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Maureen Sexsmith-West

ISA Certified Arborist, PR4600A

With all the trees and shrubs arriving at the garden centres throughout the region, I thought it would be a good idea to provide some tips on planting to help give your tree or shrubs the best start possible. Planting a tree is a great investment – don’t cut corners. Start with the right tree for the location – sun, size, location and function. I have supported the Arbor-Day Foundation for many years. They are advocates for trees and offer a wide selection of excellent consumer information. I have included three of their videos and handouts to help guide you. I do have a few added tips that I have identified over the past several years and items specific to our region. I am sure where the video is being filmed, they don’t have the same heavy clay soils we face. I emphasise their point about prepping the growing area. I always recommend spending the most time prepping the site to give your tree the best soil medium. There is no point planting a $200 tree in a hole that takes 10 minutes to prepare. Rooting will take longer and could result in long term girdled root systems that leave the tree unstable. Don’t expect to see a lot of growth above ground – this is actually a good thing – you want your tree to establish the root system first. I prefer to use our native soils for planting without amendments (as mentioned in the videos). A tree that has to transition from deluxe potting mixes will not want to stray into the “deluxe” soils at the edge of your planting hole. I prefer to shake off any loose materials from the container and blend them with our native soils. This is like a transition area from Yahoo to Oh My. Gently loosen the roots. If there is a lot of encircling roots, the video gives a great demonstration on how to approach this issue.

One other item that is discussed, but not illustrated, is the issue of the root collar and the appropriate grade for planting. I found this excellent photo at The Family to illustrate. it is not uncommon to find trees planted too deep in the pot. Be sure to locate the root flare area by gently removing any extra soil or mulch. You may also purchase trees that are growing from a root graft. This is evident by change in taper and is used when a more hardy root stock is needed to sustain the tree.

Don’t fertilize with a high nitrogen based product for the first year. A small amount of transplant fertilizer is okay. You can incorporate organic products such as bone meal or compost but make sure they are well blended into the soil first. Adding mycorrhizal fungus can be helpful. Mycorrhiza is a symbiotic association between a fungus and the roots of a vascular plant. In a mycorrhizal association, the fungus colonizes the host plant’s roots increasing it’s capacity to absorb nutrients from the soil.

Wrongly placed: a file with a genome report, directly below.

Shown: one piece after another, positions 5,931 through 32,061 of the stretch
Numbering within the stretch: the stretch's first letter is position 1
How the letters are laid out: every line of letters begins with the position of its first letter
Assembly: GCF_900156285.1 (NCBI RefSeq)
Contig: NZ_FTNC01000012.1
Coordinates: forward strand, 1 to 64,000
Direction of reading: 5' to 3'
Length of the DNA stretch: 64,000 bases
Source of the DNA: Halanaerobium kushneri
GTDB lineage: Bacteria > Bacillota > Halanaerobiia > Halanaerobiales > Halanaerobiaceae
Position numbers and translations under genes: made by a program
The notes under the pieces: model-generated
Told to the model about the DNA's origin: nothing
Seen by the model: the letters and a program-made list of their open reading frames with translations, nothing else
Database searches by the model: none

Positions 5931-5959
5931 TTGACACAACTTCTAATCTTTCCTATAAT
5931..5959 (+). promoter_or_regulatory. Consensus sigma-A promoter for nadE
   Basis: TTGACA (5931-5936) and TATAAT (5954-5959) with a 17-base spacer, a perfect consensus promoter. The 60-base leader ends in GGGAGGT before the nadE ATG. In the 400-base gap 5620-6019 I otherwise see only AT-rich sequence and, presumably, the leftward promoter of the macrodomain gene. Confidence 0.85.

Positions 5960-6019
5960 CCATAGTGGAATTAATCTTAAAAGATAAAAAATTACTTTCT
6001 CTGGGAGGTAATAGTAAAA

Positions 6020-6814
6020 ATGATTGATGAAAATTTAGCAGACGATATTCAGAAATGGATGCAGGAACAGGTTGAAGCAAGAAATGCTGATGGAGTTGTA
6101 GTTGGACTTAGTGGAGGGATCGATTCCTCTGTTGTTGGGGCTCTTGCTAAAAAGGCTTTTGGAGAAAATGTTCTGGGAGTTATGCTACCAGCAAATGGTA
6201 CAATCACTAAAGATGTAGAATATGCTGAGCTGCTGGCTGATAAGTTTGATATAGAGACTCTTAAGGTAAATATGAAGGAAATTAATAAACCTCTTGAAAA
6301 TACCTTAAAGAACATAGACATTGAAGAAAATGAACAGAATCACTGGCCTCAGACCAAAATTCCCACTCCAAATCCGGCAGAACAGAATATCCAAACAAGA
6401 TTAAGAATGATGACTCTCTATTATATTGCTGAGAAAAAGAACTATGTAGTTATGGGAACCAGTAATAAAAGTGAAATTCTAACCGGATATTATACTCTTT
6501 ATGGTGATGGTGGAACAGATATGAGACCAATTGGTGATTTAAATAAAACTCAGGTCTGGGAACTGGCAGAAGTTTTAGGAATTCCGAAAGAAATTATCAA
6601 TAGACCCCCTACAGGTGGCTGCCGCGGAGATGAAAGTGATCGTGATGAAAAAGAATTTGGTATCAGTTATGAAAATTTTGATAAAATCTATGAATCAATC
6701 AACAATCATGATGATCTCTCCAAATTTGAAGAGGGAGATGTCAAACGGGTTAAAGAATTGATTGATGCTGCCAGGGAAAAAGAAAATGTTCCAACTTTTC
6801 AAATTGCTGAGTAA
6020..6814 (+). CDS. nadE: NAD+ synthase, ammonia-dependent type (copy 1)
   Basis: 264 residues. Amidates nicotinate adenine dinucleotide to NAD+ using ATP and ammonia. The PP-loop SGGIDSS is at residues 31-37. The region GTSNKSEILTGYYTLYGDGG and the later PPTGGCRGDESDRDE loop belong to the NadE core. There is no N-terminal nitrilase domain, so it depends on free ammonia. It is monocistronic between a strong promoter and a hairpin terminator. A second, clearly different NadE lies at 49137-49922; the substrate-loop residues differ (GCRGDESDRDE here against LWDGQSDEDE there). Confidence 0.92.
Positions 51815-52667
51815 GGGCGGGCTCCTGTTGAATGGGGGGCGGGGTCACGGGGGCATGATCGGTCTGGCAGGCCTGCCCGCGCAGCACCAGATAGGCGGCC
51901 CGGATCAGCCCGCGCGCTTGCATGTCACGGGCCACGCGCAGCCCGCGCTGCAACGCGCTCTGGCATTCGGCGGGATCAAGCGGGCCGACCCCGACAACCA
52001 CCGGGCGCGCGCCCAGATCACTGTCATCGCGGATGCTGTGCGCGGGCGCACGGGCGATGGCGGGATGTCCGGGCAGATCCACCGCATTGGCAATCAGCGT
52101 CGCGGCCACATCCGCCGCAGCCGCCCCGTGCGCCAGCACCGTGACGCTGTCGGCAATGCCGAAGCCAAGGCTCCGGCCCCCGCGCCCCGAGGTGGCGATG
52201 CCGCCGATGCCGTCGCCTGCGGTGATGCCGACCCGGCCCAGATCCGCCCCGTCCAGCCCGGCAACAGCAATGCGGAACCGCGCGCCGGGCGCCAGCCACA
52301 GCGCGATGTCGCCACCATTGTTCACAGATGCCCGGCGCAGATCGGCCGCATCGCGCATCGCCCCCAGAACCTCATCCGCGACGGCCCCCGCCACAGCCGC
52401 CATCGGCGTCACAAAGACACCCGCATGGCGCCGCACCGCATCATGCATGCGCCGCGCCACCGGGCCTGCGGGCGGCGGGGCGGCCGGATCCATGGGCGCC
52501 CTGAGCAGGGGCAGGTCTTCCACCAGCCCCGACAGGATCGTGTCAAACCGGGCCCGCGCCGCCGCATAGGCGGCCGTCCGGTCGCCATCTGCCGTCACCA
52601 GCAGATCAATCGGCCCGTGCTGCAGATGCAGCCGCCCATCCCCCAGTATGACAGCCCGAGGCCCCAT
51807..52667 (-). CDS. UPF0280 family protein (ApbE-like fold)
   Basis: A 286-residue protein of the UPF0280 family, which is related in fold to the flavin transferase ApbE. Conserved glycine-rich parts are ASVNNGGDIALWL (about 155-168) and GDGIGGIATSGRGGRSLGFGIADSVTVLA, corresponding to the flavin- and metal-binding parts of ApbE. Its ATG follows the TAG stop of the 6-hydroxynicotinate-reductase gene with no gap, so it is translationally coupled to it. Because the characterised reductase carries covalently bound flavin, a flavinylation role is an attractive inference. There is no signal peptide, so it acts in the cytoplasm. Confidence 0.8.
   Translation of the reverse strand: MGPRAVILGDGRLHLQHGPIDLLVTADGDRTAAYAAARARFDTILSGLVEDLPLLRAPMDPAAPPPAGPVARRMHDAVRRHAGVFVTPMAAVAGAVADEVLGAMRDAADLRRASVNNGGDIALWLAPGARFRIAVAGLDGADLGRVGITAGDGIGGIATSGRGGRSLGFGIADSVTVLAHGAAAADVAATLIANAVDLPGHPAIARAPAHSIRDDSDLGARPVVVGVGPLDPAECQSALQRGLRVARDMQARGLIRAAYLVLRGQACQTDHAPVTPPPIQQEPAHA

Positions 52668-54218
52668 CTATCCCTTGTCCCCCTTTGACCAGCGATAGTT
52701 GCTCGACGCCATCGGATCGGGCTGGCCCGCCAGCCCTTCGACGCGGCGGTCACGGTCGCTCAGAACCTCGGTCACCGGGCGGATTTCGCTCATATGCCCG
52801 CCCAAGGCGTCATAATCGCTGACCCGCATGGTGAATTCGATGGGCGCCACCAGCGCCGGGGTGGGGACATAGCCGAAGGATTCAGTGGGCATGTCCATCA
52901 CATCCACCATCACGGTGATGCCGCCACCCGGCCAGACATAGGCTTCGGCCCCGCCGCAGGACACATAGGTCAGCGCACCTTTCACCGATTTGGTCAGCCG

BAREROOT plants are often sold in bundles or 10 or 25. They include plants that are suitable for shelter belt planting or hedges. Some fruit, such as raspberries, are sold this way too. They are void of containers and are maintained in a moist organic product such as peat or mulch to keep roots from drying out. The most important thing to remember is DO NOT LET ROOTS DRY OUT. Bareroot Notes Barefoot Video CONTAINER PLANTS include any and all flowers, trees and shrubs that are either grown from seed or bareroot stock that has been transferred into a container ready for sale. Trees are easily transported and range in sizes from 1 gallon to 20 gallon containers. The growing medium is usually very porous including a lot of organic materials such as bark mulch. This eanbles roots to expand readily. The down side to containers is that the space they have to grow is limited and encircled (or girdling) is a frequent occurrence. Don’t be afraid to have a close look at the condition of the roots. Look for weeds, suckering or roots escaping out of the bottom drainage holes. If it has too many of these issues, you will want to select another plant to take home.

BALLED AND BURLAP trees. For some people, bigger is better. Sadly, as an aftercare professional, we are called in to identify and resolve health issues, only to find that many of these high valued trees were incorrectly installed and have resulted in numerous complications down the road. IT IS ESSENTIAL for the long term health and safety of your tree, to prepare a planting hole 2-3 times the size of the root ball, check the grade, stabilize the tree and then REMOVE ALL CONTAINER MATERIALS. The video covers this beautifully. B&B Video B&B Handout

If you are hiring a landscaper or contractor – oversee the installation. We offer warranty installation services if you cannot be on-site to protect your investment. Don’t let this happen to you.




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